weight does “not [mean] that the opinion should be rejected. Treating source medical
opinions are still entitled to deference and must be weighed using all of the factors
provided in 20 C.F.R. §§ 404.1527 and 416.927.” SSR 96–2p, 1996 WL 374188 (July
2, 1996). If the ALJ chooses to disregard the opinion entirely, he must “give specific,
legitimate reasons” for doing so. Watkins, 350 F.3d at 1301.
The ALJ did not perform the sequential analysis outlined above. Rather, the ALJ
accorded “little weight” to Dr. Hazarin’s opinions and “limited weight” to Dr. Mylar’s
opinions, without first considering whether they were to be given controlling weight.
(R. at 29.) The Tenth Circuit has held that the language “limited weight” indicates that
an ALJ is effectively rejecting a medical opinion. Chapo v. Astrue, 682 F.3d 1285, 1291
(10th Cir. 2012). The Court finds that the ALJ effectively rejected the medical opinions
of Drs. Harazin and Mylar in Plaintiff’s case.
An ALJ may choose to reject a treating physician’s medical opinion. McGoffin v.
Barnhart, 288 F.3d 1248, 1252 (10th Cir. 2002). However, he or she may do so “only
on the basis of contradictory medical evidence and not due to his or her own credibility
judgments, speculation or lay opinion.” Id. (emphasis in original). In rejecting the
opinions of Drs. Harazin and Mylar, the ALJ did not cite contradictory medical evidence.
(See R. at 29–30.) The ALJ noted that a state agency psychiatric consultant, James J.
Wanstrath, evaluated the record and found that the evidence was insufficient to fully
evaluate the mental claim. (R. at 29.) However, the ALJ deliberately accorded “no
weight” to Wanstrath’s opinion of insufficiency. (Id.) Instead, the ALJ rejected the
opinions of the treating doctors through the use of credibility judgments, lay opinion and
The ALJ presented two reasons for rejecting Dr. Harazin’s opinions. First,
Harazin met with Plaintiff’s attorney to fill out paperwork for the disability claim. (Id.)
The ALJ found that this “diminishes the independence of the doctor’s opinions and does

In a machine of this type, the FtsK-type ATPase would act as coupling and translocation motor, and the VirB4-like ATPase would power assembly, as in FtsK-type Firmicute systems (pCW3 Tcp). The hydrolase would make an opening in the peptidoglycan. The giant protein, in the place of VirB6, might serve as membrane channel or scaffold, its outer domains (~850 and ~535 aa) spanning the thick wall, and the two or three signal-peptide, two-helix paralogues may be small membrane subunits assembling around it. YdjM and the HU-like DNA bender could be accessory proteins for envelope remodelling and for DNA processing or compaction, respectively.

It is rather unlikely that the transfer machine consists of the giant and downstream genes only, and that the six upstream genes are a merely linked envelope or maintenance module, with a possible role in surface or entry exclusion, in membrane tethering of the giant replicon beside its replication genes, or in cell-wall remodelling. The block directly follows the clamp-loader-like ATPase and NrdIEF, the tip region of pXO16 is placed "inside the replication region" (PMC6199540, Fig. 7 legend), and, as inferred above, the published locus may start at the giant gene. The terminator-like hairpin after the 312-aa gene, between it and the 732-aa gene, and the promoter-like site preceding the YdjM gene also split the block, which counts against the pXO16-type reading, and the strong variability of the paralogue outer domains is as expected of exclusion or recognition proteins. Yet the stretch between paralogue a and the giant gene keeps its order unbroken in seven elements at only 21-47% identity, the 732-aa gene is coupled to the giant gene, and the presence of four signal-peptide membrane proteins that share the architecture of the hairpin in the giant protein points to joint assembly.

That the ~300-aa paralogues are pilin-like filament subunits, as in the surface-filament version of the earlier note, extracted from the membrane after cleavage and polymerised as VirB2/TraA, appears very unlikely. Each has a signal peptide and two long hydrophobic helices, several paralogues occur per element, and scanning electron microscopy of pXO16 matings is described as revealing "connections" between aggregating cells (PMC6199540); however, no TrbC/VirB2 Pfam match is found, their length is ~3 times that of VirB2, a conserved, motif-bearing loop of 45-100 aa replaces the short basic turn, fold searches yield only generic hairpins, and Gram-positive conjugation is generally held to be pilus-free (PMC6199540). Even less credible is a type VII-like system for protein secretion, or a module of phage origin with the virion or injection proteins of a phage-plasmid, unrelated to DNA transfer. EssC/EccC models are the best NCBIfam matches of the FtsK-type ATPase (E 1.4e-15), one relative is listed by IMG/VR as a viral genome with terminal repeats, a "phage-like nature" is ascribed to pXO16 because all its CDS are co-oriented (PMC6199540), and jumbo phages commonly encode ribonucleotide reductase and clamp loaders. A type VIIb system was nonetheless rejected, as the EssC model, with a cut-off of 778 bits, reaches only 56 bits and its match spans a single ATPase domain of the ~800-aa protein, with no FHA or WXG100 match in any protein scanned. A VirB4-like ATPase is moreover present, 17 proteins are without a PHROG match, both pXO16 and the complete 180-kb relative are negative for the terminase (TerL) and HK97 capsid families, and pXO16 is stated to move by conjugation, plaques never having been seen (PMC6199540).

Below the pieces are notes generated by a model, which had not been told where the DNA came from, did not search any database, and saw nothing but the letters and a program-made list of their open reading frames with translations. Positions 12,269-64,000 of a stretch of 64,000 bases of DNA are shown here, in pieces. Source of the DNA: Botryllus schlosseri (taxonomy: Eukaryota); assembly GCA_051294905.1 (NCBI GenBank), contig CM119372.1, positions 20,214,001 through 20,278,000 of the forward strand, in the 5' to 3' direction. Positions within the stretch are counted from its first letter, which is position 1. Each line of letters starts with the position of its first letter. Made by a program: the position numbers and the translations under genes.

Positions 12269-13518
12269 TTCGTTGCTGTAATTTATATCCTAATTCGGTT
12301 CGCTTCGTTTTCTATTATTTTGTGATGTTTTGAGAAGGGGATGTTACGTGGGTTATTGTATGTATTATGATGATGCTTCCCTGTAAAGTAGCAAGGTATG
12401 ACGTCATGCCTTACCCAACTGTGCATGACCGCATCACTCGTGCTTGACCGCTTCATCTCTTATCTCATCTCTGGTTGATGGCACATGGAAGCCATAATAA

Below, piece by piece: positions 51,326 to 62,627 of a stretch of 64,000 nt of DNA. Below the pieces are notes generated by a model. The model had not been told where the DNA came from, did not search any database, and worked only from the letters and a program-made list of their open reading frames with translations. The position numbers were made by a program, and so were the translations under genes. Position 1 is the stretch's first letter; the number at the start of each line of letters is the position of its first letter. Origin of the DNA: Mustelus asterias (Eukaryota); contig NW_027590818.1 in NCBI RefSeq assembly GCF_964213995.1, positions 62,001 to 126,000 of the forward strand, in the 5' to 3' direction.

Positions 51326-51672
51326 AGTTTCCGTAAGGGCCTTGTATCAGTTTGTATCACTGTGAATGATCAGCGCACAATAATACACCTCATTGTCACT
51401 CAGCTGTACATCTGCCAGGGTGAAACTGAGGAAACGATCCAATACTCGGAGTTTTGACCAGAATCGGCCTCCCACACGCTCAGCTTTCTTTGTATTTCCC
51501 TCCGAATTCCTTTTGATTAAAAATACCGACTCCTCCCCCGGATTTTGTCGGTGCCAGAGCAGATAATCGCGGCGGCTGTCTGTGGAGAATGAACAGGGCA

not enhance the reliability of the assessment.” (Id.) The ALJ is implying that Dr.
Harazin would have provided a different medical opinion regarding Plaintiff, had he not
met with Plaintiff’s lawyer. There is no evidence in the record that an attorney
influenced the medical opinions. This is pure speculation by the ALJ and this is an
improper basis on which to reject a treating physician’s assessment. See Langley v.
Barnhart, 373 F.3d 1116, 1121 (10th Cir. 2004) (rejecting as speculative the ALJ’s
conclusion that a medical report was simply an act of courtesy to a patient).
Second, the ALJ argued that Dr. Harazin provided no reference to specific
clinical findings or other support for the limitations found in his opinion. (R. at 29.) The
ALJ went on to say that the record lacks “longitudinal treatment notes which document a
sustained disabling mental impairment.” (R. at 29–30.) But, the record contains
seventeen pages of treatment notes, provided by Dr. Harazin. (R. at 248–264). These
notes outline Plaintiff’s symptoms and a continued diagnosis of Bipolar Disorder over a
span of several years. (Id.) In finding these notes inadequate to support Dr. Harazin’s
opinions, the ALJ is relying on her lay opinion, which may not be used to reject a
treating physician’s assessment. McGoffin, 288 F.3d at 1252.
The ALJ also presented two primary reasons for rejecting Dr. Mylar’s opinions.
First, at the time Dr. Mylar completed the questionnaire in March 2013, he had not seen
Plaintiff since March 2012. (R. at 29.) The ALJ “wonders how he could be certain
whether such extreme limitations were still present [in 2013].” (Id.) However, Plaintiff’s
date last insured was March 31, 2012. (R. at 24). Plaintiff’s medical condition is only
relevant from the alleged onset date through her date last insured. (See R. at 24–32.)
Dr. Mylar treated Plaintiff during that time period and his questionnaire specifies that his
opinions are effective only through that time period. (R. at 504.) As such, this
seemingly unfounded credibility determination is an improper basis on which to reject a
treating psychologist’s opinions.
Second, the ALJ argues that Dr. Mylar’s findings are “brief and conclusory,” not
based on clinical findings, and are not accompanied by contemporaneous treatment
notes. (R. at 29–30.) Again, this is not the type of contradictory medical evidence